Martha’s Vineyard is the summer colony of Massachusetts, if not the rest of the United States. Its resident population grows particularly during the summer season, but its moderate year-round temperature and fantastic terrain make it a fantastic destination all year round. Anglers especially love Martha’s Vineyard because its fishing opportunities during the open season are just spectacular. Its picture-perfect cliffs, the stunning mariners’ estates from the whaling era, and its heritage as a creative colony draw thousands of people to this island every year. And once you come here, you’ll find yourself planning to go back as soon as you leave because just one trip to the Vineyard is not enough.
Martha’s Vineyard has moderate year-round weather, which makes fishing in this part of the East great any time of the year. However, its fishing season starts around April and ends sometime in October, so these months may be the most fruitful for fishing. Moreover, it is an island, so it offers plenty of opportunities for a variety of fishing techniques such as fly fishing, surfcasting, and deep sea fishing.
Top fish species to target include:
Martha’s Vineyard has a wide variety of scenic spots and other interesting activities for those interested in wildlife and nature, history, literature, and film. This is perhaps why people come back to this island again and again.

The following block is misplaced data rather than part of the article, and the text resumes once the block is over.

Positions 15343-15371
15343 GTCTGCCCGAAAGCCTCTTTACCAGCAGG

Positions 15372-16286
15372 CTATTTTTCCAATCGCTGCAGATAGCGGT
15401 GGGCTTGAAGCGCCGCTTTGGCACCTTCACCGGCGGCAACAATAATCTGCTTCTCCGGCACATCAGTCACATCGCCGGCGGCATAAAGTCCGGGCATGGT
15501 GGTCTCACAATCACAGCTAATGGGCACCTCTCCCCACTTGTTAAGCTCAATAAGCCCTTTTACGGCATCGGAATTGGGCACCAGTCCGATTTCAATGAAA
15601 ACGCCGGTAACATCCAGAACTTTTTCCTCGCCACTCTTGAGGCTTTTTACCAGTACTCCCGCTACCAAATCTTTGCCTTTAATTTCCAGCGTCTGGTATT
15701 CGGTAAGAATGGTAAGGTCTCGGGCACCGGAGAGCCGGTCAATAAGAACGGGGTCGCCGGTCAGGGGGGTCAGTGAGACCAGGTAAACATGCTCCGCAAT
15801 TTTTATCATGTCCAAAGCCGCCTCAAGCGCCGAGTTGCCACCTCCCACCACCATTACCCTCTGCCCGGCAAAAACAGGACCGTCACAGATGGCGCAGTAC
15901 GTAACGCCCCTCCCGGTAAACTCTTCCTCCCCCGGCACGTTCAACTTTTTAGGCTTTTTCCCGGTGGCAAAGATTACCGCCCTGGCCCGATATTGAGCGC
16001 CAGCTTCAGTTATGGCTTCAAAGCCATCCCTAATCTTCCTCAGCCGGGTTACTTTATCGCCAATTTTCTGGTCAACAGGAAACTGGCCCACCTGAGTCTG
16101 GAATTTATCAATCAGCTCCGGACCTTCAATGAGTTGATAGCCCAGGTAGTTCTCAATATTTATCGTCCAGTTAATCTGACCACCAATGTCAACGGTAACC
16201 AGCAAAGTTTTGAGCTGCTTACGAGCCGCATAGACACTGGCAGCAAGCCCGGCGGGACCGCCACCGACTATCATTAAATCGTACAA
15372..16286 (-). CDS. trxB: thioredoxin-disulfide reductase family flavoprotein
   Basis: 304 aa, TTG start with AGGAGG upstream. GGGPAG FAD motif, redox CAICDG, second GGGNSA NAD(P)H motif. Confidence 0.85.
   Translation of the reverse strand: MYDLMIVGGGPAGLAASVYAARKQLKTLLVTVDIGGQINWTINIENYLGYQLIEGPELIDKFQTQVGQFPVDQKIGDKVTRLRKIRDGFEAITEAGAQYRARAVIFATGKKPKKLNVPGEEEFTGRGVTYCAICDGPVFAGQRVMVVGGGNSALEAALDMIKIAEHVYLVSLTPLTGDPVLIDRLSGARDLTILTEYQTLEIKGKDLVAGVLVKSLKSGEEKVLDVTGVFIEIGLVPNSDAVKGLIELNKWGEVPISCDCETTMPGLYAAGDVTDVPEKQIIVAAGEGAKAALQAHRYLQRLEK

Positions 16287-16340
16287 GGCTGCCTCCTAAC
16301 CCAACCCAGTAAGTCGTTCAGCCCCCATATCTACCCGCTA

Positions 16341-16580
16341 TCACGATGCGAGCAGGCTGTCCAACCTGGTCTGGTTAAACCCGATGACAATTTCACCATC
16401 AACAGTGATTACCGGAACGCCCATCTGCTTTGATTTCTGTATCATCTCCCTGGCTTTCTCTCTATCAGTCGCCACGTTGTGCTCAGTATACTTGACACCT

Martha’s Vineyard’s vistas are postcard-pretty no matter where you look. But to truly experience it, one must go hiking. Martha's Vineyard's most quintessential nature spots for the first-timer include the Aquinnah Cliffs, the Felix Neck Wildlife Sanctuary, and the Menemsha Hills.
Spot all the picturesque lighthouses that Martha’s Vineyard is known for, such as the Gay Head Lighthouse, the Edgartown Lighthouse, and the East Chop Lighthouse. Or walk down the roads that inspired literary greats such as Herman Melville. Are you a film buff? Catch the Martha’s Vineyard Film Festival in September or go on a Jaws-inspired tour of all the filming spots Spielberg used on his classic film.